- Title: Botswana’s Parliamentary Democracy Revisited
- Author: (Edited by) David Sebudubudu, Bertha Z. Osei-Hwedie & Balefi Tsie
- Publisher: UNISA Press
- Country of Origin: South Africa
- Publication Year: 2017
- ISBN: 9781868888382
- Bib. Info: Paperback; 272pp
BOTSWANA’S PARLIAMENTARY DEMOCRACY REVISITED is a comprehensive, honest and thought-provoking examination of Botswana as a world-renowned model of long-established democracy and political stability.
This edited volume, written by distinguished scholars and experts based mainly at the University of Botswana, offers a challenging and fascinating assessment of Botswana’s unique democracy, significantly advancing our understanding of the country and its politics. The contributors have utilised their varied, rich and practical expertise (in politics, democracy, law, governance, political economy, sociology and international relations) to produce a deeply scholarly yet accessible and refreshing account of Botswana. The interdisciplinary approach adopted stimulates debate while offering interesting insights into Botswana’s past and present, and also into its unravelling challenges and prospects.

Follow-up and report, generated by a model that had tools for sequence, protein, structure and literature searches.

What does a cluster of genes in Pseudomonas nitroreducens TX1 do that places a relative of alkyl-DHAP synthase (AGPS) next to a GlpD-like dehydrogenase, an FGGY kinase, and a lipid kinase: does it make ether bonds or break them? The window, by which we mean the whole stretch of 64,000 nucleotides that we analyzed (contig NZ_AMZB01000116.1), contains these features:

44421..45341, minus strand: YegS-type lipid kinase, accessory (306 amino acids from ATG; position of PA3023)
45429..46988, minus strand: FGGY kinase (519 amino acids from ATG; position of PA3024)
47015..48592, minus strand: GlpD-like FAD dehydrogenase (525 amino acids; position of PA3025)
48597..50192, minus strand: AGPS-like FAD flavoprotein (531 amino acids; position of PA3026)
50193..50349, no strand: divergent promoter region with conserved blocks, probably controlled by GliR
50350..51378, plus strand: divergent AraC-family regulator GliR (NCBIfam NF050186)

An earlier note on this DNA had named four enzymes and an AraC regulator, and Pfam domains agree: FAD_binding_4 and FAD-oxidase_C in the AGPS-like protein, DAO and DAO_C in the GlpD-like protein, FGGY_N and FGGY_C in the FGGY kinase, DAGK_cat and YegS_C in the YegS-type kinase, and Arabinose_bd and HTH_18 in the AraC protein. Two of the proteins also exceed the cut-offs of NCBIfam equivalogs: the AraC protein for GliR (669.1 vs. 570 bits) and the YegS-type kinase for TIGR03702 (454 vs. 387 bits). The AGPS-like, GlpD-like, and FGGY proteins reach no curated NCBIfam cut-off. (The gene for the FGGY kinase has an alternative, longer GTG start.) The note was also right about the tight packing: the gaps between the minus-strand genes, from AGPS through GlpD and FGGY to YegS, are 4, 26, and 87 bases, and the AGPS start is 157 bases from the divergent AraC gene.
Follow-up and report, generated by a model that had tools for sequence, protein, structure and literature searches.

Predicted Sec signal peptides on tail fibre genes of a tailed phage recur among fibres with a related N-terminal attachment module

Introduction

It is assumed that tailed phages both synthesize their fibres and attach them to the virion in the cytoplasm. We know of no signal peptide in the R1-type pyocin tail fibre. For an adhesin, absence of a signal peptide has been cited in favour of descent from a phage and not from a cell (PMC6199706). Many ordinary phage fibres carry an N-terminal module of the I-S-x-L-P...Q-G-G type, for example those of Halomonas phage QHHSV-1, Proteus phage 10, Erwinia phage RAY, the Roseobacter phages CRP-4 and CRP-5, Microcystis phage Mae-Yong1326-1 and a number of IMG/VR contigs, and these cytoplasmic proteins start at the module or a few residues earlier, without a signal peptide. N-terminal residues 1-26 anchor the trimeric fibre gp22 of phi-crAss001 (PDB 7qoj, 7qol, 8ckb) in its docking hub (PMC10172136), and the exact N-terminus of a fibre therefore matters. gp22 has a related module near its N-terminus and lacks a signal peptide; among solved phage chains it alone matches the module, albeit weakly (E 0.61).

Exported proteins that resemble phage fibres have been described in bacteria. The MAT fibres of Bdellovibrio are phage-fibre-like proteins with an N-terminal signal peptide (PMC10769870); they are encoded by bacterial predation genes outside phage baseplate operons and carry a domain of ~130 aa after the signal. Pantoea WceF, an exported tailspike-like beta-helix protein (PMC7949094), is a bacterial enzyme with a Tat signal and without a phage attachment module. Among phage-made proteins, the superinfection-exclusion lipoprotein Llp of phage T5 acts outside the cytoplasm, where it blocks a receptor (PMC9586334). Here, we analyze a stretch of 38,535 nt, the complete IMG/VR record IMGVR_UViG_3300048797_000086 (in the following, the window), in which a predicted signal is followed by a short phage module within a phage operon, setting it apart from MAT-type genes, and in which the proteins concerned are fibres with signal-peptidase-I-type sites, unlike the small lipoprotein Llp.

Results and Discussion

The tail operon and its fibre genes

The book, which comes in four parts (primary institutions in parliamentary democracy; secondary institutions; political participation; and the regional and global context) offers a thorough and path-breaking analysis of critical aspects of Botswana’s unique democracy. It also provides a conclusion and possible lessons to be gleaned from the country’s experience of a sustained multi-party democracy. (This democracy is unique not as an exception or a ‘miracle’, but in the sense that each democracy exists in a cultural context.)
The novelty of the work lies in its comprehensive and robust probe into every aspect of Botswana’s democracy. The book stands alone in its interrogation of institutions of parliament; the executive and the judiciary; the electoral system; the nature of local governance; and the media, the church and the private sector. It also portrays an active role for Botswana in international relations, unconstrained by its small-power status. Moreover, issues of gender and ethnicity are explained in a delicate and sensitive manner.
The book is intended to have a wide appeal for scholars, students and the general public. It is user-friendly, and will prove valuable to both undergraduate and graduate students within Botswana, the Southern African sub-region, Africa and beyond.